RECEIVED MARCH 26, 1938

UNIVERSITY OF CALIFORNIA]

Sulfur Dioxide. The Heat Capacity of Solid and Liquid. Vapor Pressure. Heat of Vaporization. The Entropy Values from Thermal and Molecular Data BY W. F. GIAUQUEAND C. C.

This paper presents the results of a low temperature investigation on sulfur dioxide. The data and the third law of thermodynamics have been used to calculate the entropy of sulfur dioxide gas. Cross2 has calculated the entropy from molecular data and, while these data are not as complete as is desirable, it is possible to show that the entropy of crystalline sulfur dioxide does approach zero a t the absolute zero of temperature. The apparatus and methods used in this investigation are similar to those of previous investigations on condensed gases in this Labora(1) Charles A. Coffin Fellow, Academic year 1934-1956. (2) Croai, J . CLrm. P h w , , 8 , 826 (3486)a

STEPHENSON'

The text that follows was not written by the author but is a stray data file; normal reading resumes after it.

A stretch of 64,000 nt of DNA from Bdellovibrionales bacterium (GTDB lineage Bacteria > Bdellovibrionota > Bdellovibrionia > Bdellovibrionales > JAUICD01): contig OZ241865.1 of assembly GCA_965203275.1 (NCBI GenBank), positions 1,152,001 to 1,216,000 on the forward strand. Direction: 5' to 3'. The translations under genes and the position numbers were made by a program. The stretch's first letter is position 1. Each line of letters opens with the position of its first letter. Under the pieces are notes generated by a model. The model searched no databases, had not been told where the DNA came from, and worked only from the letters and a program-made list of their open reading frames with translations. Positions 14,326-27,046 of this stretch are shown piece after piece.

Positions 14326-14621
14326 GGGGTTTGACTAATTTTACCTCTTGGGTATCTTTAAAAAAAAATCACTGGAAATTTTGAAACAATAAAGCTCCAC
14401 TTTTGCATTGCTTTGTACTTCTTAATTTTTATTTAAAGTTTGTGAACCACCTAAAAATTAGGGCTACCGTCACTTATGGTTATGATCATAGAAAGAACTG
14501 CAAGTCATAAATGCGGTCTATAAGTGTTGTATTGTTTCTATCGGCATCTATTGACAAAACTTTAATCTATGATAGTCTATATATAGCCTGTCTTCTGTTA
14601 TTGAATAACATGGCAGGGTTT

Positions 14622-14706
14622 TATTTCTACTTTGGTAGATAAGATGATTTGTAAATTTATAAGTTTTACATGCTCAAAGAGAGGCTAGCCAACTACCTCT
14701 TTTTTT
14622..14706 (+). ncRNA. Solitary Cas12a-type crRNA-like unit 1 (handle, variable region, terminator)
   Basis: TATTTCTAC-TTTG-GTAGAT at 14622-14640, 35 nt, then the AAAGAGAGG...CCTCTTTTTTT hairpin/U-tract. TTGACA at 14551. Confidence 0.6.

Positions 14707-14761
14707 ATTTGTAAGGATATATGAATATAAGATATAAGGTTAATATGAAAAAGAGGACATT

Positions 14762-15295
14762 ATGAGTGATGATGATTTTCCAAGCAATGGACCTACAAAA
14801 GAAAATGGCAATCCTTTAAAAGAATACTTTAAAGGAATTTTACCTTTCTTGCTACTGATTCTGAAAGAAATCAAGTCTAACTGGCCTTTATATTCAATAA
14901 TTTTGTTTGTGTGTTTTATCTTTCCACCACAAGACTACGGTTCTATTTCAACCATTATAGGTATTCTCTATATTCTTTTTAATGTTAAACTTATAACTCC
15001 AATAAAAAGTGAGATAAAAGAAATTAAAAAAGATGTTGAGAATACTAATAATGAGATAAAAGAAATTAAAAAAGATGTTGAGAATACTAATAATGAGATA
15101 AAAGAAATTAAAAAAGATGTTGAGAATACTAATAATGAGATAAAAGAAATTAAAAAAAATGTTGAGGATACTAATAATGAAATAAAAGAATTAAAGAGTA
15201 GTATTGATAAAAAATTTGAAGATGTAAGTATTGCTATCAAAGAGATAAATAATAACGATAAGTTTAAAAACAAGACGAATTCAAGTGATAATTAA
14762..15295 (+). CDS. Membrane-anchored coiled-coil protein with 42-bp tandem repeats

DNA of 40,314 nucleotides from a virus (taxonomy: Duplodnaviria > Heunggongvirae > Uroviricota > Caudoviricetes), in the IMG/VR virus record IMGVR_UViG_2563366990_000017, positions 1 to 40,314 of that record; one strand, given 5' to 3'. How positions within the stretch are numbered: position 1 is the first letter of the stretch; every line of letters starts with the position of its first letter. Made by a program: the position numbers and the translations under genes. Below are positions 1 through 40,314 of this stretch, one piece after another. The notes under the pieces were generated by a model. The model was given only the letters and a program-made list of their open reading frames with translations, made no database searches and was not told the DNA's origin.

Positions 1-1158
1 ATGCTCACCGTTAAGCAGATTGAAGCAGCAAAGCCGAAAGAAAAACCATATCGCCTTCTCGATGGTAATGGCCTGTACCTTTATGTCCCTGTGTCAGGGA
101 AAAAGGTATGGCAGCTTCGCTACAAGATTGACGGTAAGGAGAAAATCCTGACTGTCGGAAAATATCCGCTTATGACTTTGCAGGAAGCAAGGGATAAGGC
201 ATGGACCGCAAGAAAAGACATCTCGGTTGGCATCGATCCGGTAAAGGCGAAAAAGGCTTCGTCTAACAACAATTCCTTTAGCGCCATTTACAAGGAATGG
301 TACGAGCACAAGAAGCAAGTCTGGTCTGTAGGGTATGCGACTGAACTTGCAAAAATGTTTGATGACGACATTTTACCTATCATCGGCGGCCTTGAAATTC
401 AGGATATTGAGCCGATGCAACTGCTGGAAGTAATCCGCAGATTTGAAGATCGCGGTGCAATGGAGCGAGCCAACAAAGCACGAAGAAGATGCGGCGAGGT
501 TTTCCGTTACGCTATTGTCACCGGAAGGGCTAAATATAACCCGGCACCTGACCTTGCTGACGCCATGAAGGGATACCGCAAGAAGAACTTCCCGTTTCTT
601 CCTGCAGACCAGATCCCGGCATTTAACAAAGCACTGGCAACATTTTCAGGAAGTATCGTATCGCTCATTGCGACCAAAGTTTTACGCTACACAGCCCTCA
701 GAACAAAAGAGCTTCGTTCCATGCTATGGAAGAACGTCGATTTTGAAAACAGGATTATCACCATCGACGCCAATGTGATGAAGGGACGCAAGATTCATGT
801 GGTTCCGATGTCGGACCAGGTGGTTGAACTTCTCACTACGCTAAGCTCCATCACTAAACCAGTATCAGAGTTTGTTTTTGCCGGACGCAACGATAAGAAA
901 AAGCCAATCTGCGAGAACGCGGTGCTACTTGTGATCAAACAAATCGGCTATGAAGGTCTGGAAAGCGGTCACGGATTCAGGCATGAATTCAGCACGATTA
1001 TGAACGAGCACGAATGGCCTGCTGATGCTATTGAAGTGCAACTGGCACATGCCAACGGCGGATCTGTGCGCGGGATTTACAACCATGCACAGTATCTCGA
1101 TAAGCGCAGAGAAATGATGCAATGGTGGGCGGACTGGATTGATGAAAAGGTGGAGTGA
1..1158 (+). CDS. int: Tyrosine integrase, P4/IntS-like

tory. The calorimeter used has been referred to previously3 as Gold Calorimeter 11. A full description of a similar calorimeter has been given by Giauque and Egan.4 The most recent calibration of the standard thermocouple has been described by Stephenson and G i a ~ q u e . ~ Preparation and Purity of Sulfur Dioxide.The sulfur dioxide was prepared b y the action of concentrated sulfuric acid on sodium sulfite. The evolved gas was bubbled through water to remove any traces of sulfur trioxide and then (3) (a) Giauque and Wiebe, Tars JOURNAL, 60, 101 (1928); (b) Blue and Giauque, i b i d . , 67, 991 (1935). (4) Giauque and Egan, J . Chem. Phys., 6, 45 (1937). ( 6 ) Stopbewen m 4 Qinuquo, ibid,, I , 119 (1427).